A simple ultrasound scan saved this Corringham man's life

Tony Richards, centre, with hospital staff who saved his life

Tony Richards, centre, with hospital staff who saved his life

First published in News by

A SIMPLE ultrasound scan diagnosed a grandfather’s life-threatening aneurysm which could have burst and killed him at any time.

Tony Richards, 65, decided to take the free screening test when an NHS invitation arrived through the post at his home in Giffords Cross Road, Corringham.

Soon he was diagnosed with a “sizeable” abdominal aortic aneurysm caused when the aorta, the main artery in the abdomen, becomes weak and starts to expand.

About 6,000 people, mostly men aged 65 and over, die in England and Wales every year after large aneurysms rupture.

The screening service is part of a UK wide programme for men over 65 launched last year – Southend Hospital provides the service for the whole of Essex after winning the bid to host it.

Mr Richards said: “It came as a bit of a shock to be diagnosed. I only did the test as it didn’t cost anything and I believe in prevention rather than cure.

“I had a further consultation and then the procedure done.

“I had never heard of it before.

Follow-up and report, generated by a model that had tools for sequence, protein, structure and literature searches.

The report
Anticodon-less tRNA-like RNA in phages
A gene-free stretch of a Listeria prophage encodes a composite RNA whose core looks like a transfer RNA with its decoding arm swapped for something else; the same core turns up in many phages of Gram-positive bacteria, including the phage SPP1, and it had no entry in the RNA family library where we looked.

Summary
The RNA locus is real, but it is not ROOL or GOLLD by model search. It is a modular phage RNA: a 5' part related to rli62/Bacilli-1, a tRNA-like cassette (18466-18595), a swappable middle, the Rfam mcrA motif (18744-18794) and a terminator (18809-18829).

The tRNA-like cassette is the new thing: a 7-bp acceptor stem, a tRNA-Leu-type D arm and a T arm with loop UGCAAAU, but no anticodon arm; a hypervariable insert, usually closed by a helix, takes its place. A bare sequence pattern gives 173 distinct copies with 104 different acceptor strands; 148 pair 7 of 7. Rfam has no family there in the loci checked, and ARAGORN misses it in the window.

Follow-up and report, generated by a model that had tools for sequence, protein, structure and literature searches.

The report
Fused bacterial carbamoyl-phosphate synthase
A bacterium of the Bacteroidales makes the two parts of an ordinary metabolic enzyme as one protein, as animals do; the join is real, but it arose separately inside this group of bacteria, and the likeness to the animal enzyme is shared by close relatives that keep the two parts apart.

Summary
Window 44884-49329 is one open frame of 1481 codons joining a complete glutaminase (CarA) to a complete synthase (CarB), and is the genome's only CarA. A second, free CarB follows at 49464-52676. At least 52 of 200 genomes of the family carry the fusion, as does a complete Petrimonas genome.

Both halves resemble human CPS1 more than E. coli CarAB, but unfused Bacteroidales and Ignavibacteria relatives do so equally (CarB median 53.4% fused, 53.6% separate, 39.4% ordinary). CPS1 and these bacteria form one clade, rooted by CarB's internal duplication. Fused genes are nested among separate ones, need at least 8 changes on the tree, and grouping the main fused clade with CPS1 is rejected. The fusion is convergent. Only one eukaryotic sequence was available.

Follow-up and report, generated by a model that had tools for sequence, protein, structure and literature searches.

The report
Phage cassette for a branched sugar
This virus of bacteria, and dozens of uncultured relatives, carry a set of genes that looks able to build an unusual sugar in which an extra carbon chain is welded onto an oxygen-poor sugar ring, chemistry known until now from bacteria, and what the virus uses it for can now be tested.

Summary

“We researched it online and found it was life-threatening. I was in shock. I felt fighting fit and had no symptoms or pain.”

Mr Richards, who lives with his wife Sheila, had the aneurysm removed by keyhole surgery on the Monday and was home by Friday.

He is now looking forward to getting back to his work as a self employed handyman.

The father-of-two said: “It’s the first time I’ve been in hospital since I was seven having my tonsils out. I’m so glad I went along for the screening. It was straight forward.

“I’m feeling more capable and feel I’ve progressed reasonably well.

“You can go through life with an AAA until it ruptures – and then you’re dead. I’m very grateful to the surgeons for operating so quickly and thankful I went for the screening which saved my life.

“I’m looking forward to getting back to normal and going for walks with my grandchild.”

Dr Matthew Tam, consultant interventional radiologist who oversees the scanning for the screening programme, and who inserted Mr Richards’ stents said: “Early detection of AAA through screening enables us to offer monitoring or treatment, reducing potentially fatal outcomes, as we have demonstrated with Mr Richards. I hope he will be decorating for many years to come.”

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